Hiking as a past-time invokes images of rugged men (and women) braving the elements in perilous conditions. We imagine Hillary conquering Mt Everest, or Bear Grylls surviving off of the land. While this is the imagery that hiking invokes, it is nothing like the gentle and pleasurable leisure activity that many families participate in.
Hiking is the exploration of the outdoors. It allows your family to get out in nature. Here are some things to remember.
1: Start Small
Keep it simple. By eliminating points of complication in plans, one can eliminate points of failure. The more things that one has to juggle in one’s head, the more likely it is to forget something. So, start with the simple trails: the ones that are well defined and marked. The more complicated ones can come later, once you and your kids are up to the challenge.
2: Remember the Time
The time is all important when out in the wilderness. Whether it is trying to get to a hut, campground, or even back to the carpark, on does not want a time limit. Time pressure can come from many things: the sun going down, or plans later in the day. Give yourself plenty of time, so that you can have fun while hiking, have time to explore, and most importantly, have a stress free experience.
3: Dress for Hiking
In the great outdoors, anything can happen. While modern weather forecasting is brilliant (you did check the weather right?) It is important to remember that things can change rapidly. So, always ensure that there are multiple layers: close to the skin, wool or polymer thermals (not cotton. Cotton saps heat when it is wet.) shirts, jumpers and rain-coats. There is nothing more miserable than being soaked to the bone while hiking.
A good pair of boots is also a must for serious hiking with kids. They are so important, they get their own paragraph. This is because they support the weight of you, plus all the gear that you are taking.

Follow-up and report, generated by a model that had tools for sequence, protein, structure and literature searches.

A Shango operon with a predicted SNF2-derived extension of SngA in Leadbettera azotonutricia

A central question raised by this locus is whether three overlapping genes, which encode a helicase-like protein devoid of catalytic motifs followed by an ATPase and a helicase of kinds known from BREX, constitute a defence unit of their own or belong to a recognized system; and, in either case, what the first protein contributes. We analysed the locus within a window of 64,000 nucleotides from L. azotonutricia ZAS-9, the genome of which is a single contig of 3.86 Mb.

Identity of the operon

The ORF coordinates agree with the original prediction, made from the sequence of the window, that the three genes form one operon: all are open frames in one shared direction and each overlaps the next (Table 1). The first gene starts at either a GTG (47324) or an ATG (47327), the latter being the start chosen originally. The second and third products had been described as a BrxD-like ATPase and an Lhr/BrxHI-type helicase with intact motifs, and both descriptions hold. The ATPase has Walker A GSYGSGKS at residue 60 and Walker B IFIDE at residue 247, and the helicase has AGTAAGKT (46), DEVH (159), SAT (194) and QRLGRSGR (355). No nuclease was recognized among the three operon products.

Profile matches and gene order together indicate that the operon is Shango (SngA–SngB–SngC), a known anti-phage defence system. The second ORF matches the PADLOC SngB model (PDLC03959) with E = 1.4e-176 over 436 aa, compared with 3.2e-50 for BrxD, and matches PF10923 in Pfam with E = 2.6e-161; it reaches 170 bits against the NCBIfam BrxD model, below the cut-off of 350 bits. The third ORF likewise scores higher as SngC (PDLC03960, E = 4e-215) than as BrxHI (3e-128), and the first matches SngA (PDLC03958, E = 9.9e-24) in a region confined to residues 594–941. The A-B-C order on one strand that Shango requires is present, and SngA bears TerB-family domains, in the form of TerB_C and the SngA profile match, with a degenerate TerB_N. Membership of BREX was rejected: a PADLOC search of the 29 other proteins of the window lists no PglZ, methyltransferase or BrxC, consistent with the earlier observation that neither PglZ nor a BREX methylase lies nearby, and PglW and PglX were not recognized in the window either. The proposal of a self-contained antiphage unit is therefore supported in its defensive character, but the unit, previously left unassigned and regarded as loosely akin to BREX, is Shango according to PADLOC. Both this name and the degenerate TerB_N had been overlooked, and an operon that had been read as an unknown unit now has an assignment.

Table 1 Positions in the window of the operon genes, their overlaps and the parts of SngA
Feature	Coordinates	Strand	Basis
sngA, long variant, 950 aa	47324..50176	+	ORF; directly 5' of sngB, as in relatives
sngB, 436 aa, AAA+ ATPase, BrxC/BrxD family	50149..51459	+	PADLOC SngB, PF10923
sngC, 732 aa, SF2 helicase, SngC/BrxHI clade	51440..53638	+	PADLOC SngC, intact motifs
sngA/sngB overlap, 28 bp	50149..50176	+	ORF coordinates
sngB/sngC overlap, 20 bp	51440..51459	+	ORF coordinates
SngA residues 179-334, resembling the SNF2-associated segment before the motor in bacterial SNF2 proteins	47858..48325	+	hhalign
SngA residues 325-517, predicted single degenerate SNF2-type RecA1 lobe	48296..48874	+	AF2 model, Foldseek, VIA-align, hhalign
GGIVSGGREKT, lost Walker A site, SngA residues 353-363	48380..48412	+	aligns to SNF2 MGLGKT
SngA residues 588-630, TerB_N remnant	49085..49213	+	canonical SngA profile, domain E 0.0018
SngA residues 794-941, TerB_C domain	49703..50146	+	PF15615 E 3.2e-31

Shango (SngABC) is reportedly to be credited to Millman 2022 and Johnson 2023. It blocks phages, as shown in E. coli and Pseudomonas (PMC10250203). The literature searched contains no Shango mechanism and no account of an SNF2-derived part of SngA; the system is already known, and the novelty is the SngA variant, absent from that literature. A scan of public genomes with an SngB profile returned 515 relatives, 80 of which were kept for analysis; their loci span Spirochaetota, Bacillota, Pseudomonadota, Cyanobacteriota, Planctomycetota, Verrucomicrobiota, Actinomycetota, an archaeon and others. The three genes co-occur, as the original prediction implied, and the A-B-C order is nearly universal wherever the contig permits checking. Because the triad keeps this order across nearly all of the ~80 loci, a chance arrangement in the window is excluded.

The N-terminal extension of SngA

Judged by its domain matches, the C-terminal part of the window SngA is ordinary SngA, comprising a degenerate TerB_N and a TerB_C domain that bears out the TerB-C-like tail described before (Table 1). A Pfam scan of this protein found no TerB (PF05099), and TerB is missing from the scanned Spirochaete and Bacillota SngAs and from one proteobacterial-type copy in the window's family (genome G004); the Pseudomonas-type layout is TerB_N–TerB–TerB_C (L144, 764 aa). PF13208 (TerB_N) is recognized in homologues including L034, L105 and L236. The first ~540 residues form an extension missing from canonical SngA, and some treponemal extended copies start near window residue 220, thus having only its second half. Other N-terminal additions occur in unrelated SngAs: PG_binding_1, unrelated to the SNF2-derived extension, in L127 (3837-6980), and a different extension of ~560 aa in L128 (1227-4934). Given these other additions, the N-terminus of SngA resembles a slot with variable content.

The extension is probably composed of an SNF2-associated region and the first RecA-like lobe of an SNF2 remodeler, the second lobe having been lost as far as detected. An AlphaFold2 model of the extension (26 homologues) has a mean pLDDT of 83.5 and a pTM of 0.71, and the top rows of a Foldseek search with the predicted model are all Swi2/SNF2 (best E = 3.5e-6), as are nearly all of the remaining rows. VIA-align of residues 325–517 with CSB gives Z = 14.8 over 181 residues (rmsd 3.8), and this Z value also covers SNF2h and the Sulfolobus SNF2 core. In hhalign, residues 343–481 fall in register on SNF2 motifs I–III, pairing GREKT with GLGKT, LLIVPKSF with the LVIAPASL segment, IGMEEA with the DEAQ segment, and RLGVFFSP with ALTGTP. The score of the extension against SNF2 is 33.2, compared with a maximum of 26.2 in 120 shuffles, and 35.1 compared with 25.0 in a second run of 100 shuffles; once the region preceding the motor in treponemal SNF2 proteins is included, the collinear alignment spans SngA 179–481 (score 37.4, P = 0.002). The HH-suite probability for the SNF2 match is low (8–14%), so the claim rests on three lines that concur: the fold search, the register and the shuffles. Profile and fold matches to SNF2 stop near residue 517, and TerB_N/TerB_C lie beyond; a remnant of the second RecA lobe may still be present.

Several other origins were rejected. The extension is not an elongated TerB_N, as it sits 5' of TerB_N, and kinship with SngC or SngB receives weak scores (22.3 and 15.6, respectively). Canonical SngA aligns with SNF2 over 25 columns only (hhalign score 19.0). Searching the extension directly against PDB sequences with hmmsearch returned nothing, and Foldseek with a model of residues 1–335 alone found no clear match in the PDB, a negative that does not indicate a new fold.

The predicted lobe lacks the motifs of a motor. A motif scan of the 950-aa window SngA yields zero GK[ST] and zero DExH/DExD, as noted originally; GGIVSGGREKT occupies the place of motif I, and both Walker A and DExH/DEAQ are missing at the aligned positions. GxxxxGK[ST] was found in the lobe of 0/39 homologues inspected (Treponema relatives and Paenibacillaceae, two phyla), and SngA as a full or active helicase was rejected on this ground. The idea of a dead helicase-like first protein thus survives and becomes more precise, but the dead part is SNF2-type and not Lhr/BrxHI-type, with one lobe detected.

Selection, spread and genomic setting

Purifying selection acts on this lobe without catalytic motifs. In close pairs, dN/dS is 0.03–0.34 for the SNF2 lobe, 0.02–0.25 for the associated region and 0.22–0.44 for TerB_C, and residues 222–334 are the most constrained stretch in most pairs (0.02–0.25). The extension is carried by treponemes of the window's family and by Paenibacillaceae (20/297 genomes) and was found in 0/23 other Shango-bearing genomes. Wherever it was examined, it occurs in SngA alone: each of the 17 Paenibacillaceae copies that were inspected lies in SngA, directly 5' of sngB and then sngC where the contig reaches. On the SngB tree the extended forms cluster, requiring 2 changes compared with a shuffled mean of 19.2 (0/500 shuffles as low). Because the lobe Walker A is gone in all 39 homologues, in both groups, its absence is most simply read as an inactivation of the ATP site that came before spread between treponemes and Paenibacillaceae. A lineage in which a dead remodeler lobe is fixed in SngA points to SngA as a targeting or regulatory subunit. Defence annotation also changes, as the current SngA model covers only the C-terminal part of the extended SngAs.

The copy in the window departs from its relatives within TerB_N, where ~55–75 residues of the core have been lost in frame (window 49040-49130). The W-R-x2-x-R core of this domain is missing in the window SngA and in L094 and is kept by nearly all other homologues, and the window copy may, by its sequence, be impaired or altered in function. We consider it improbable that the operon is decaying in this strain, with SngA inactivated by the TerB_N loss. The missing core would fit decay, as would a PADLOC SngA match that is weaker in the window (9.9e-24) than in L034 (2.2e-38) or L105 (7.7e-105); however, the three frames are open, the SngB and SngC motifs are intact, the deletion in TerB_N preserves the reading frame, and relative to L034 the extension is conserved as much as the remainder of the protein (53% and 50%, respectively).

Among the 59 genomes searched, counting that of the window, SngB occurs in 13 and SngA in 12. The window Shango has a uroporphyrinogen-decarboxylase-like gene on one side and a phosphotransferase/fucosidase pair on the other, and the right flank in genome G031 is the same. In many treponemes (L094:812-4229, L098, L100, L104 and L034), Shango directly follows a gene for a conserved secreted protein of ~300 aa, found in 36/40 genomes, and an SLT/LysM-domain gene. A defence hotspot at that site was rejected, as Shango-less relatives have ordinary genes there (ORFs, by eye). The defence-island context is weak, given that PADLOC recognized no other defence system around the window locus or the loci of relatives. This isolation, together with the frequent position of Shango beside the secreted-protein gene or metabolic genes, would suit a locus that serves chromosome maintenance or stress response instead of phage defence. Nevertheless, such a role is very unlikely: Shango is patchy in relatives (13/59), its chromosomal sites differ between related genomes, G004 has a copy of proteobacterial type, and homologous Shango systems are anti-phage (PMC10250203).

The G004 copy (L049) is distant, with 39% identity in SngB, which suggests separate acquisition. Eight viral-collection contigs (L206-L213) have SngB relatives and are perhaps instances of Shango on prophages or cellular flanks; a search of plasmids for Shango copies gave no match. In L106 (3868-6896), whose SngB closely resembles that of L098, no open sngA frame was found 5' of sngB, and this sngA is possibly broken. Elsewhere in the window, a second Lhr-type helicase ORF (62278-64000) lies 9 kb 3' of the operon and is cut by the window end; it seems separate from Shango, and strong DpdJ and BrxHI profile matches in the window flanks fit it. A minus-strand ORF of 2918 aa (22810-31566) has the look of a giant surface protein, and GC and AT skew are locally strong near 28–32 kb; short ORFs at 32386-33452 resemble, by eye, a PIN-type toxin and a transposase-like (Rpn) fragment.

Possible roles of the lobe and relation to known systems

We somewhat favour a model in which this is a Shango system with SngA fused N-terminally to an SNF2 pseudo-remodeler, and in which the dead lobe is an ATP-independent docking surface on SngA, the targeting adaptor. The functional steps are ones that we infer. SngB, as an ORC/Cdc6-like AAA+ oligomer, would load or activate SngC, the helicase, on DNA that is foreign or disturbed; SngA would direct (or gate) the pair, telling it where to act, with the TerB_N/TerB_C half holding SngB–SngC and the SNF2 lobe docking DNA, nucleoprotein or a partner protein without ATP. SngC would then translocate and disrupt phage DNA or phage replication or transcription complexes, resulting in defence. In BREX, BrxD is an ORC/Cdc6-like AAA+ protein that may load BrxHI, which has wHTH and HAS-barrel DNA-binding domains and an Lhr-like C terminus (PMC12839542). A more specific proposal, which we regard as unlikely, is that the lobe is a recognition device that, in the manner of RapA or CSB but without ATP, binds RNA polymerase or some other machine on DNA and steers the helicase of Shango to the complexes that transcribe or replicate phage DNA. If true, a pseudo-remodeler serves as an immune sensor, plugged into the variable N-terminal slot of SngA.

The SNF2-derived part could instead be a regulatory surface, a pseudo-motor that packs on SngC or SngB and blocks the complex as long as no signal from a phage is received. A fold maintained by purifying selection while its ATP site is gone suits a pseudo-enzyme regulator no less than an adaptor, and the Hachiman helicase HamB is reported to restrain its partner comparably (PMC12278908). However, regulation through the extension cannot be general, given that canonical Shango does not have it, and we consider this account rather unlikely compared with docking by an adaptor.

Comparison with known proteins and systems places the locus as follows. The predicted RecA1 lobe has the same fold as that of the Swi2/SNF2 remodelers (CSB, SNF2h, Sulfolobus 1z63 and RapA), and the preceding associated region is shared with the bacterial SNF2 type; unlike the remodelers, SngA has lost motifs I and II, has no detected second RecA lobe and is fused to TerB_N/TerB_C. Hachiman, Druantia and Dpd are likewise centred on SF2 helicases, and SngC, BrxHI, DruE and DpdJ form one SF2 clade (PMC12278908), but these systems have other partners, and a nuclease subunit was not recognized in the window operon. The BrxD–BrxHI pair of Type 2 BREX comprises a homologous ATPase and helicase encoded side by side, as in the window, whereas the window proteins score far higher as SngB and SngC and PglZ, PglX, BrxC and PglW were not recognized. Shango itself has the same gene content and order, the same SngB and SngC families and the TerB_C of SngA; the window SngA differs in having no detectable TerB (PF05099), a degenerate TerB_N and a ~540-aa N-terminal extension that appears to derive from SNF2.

They need to grip even the most perilous terrain and sustain serious abuse: you might have to ford rivers, walk through mud, and climb a shoddy track up a mountain all in the same day.
Do not skimp on boots. For shorter hikes with less gear, a good pair of shoes can also work well.
You might also want to invest in hiking gear find good quality rucksacks, Camping equipment and even rope. You can find great online sites for your purchases and get good strong rope from Ropes Direct.
4: Bring a First Aid Kit
In the wilderness you will be out of easy reach of the medical miracle that is the hospital. This does not mean that you need a hundred different medicines to cure a thousand diseases—you just need enough to keep you moving.
What this looks like is the basics. Light painkillers, sticking plasters, and bandages. Antiseptic is especially important while hiking. Out in the wilderness a cut/(or blister) can easily become painfully infected. So don’t forget antiseptic.
5: Insect Repellent
There is almost certainly going to be biting insects on your hike into the wilderness. There is nothing worse than hiking six, seven kilometres out to a hut, resting, and being eaten alive because you forgot your insect repellent. Your children will also hate being eaten alive. Bring insect repellent, you will need it.
6: Snack Frequently and Often
Napoleon (or maybe Fredrick the Great) reportedly said: an army marches on its stomach. When you are in the outdoors, in the elements and walking distances we modern people don’t often do, we burn energy.
In order to keep morale and motivation up, and prevent general crankiness—and therefore to keep clearheadedness—one must eat food. Muesli bars, sweets, and fruit are all excellent for this snacking on the go.
7: March at the Speed of the Slowest Person
Kids love to run ahead. In the wilderness, this can be incredibly dangerous. Out of sight and out of reach of the pack they can get lost, or injured. Indeed, most hiking horror stories start when someone runs ahead of the group, never to be found again.
Put the slowest child in front, and keep to their pace. This will keep your group together and prevent any mishaps from occurring out of your sight, where you cannot give aid.
8: Leave No Trace!
The outdoors and the wilderness are often seen as pristine and untouched. They only stay like that due to a lack of litter and pollution. So leave everything as it was before you arrived. Don’t leave rubbish, and don’t damage the flora. If you have a campfire (only if it is permitted) bury the ashes and charcoal. Bury any excrement or better: pack it out!
Hiking for Families
Hiking for families can be incredibly rewarding. The above list isn’t an exhaustive list of everything that you must consider; but it is a list of some of the most important things. Go forth, explore, have fun: the wilderness awaits!